which subconsciously held the attention of every patient at
the first sound of the air-raid siren. Most of them lay quietly
in bed, faces motionless, listening. Sometimes one would
get up and pace the floor; sometimes they'd ask for things,
little things like a glass of water or a cigarette. Mostly they
were mystified at the lack of display of emotion on our part, ·
and felt that we just did not know what it was all about. It
took superhuman effort to show them that we were concerned
and would take care of them, even though we had
not seen all the horrors of war that they had. It was not necessary
to become upset to realize and recognize danger.
Thus it was, slowly but surely we were gaining their confidence
for their care.
On June fourth, we heard the midnight broadcast announce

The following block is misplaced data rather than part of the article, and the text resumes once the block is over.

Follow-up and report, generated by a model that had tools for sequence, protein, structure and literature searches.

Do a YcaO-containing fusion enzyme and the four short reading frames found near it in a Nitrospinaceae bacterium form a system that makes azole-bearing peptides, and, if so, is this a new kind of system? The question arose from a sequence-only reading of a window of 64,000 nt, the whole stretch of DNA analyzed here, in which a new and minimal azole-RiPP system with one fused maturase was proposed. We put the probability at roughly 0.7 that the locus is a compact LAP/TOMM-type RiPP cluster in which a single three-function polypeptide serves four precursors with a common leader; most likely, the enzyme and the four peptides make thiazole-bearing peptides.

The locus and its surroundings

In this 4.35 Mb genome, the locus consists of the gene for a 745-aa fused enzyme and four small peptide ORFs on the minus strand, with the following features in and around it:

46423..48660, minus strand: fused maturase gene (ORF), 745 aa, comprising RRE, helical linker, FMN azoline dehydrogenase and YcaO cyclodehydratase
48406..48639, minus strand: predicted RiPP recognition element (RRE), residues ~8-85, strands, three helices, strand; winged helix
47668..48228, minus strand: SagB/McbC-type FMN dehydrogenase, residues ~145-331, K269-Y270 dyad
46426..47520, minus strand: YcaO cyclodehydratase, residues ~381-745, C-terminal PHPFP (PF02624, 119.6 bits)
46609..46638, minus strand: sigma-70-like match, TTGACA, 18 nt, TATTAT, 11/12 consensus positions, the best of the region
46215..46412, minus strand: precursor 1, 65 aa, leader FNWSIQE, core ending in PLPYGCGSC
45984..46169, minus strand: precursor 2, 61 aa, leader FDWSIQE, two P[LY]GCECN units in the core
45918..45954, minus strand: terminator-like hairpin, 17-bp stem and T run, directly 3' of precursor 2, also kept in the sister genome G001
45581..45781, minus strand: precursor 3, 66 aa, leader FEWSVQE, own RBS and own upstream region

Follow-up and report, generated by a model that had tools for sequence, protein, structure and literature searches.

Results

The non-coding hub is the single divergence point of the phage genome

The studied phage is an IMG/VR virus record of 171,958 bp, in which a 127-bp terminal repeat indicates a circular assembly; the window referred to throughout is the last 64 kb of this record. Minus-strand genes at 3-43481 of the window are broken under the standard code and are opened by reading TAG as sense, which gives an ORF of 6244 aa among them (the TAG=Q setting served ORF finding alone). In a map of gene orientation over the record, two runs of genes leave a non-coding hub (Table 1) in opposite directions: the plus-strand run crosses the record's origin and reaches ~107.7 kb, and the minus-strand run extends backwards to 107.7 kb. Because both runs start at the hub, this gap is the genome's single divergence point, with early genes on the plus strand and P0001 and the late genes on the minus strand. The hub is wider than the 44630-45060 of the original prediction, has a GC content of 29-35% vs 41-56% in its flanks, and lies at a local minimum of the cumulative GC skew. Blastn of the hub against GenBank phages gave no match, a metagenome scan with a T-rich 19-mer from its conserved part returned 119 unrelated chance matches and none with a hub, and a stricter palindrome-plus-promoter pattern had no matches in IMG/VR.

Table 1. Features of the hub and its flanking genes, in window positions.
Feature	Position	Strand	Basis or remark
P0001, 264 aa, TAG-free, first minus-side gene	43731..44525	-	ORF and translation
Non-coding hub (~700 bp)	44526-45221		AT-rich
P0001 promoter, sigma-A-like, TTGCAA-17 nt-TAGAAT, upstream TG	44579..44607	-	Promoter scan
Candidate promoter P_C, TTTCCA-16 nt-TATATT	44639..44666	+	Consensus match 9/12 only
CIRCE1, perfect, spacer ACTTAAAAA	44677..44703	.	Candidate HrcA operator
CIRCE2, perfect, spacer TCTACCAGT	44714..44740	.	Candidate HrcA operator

the fall of Rome. Two days later, the Germans released
this announcement: "The Americans have started
their Invasion."
We evacuated all our British patients to make room for
casualties. Some thoughts running through our minds at this
point were those of insecurity - "Are we ready to handle
the situation?" and "Can we give those fellows what they
The first days after D-Day caused a lull in everything.
Empty beds were ready; doctors, nurses, and corpsmen
waited; all activity on the water front ceased; a deadening
silence seemed to settle in the atmosphere and press heavily
downward. In the hush of the evening, if you went outside
and listened, you could hear the cannon-fire from the direction
of France. It wasn't long, however, before the results
of the Invasion were obvious, as LST's and hospital ships
returned, bringing the wounded with them. Never before did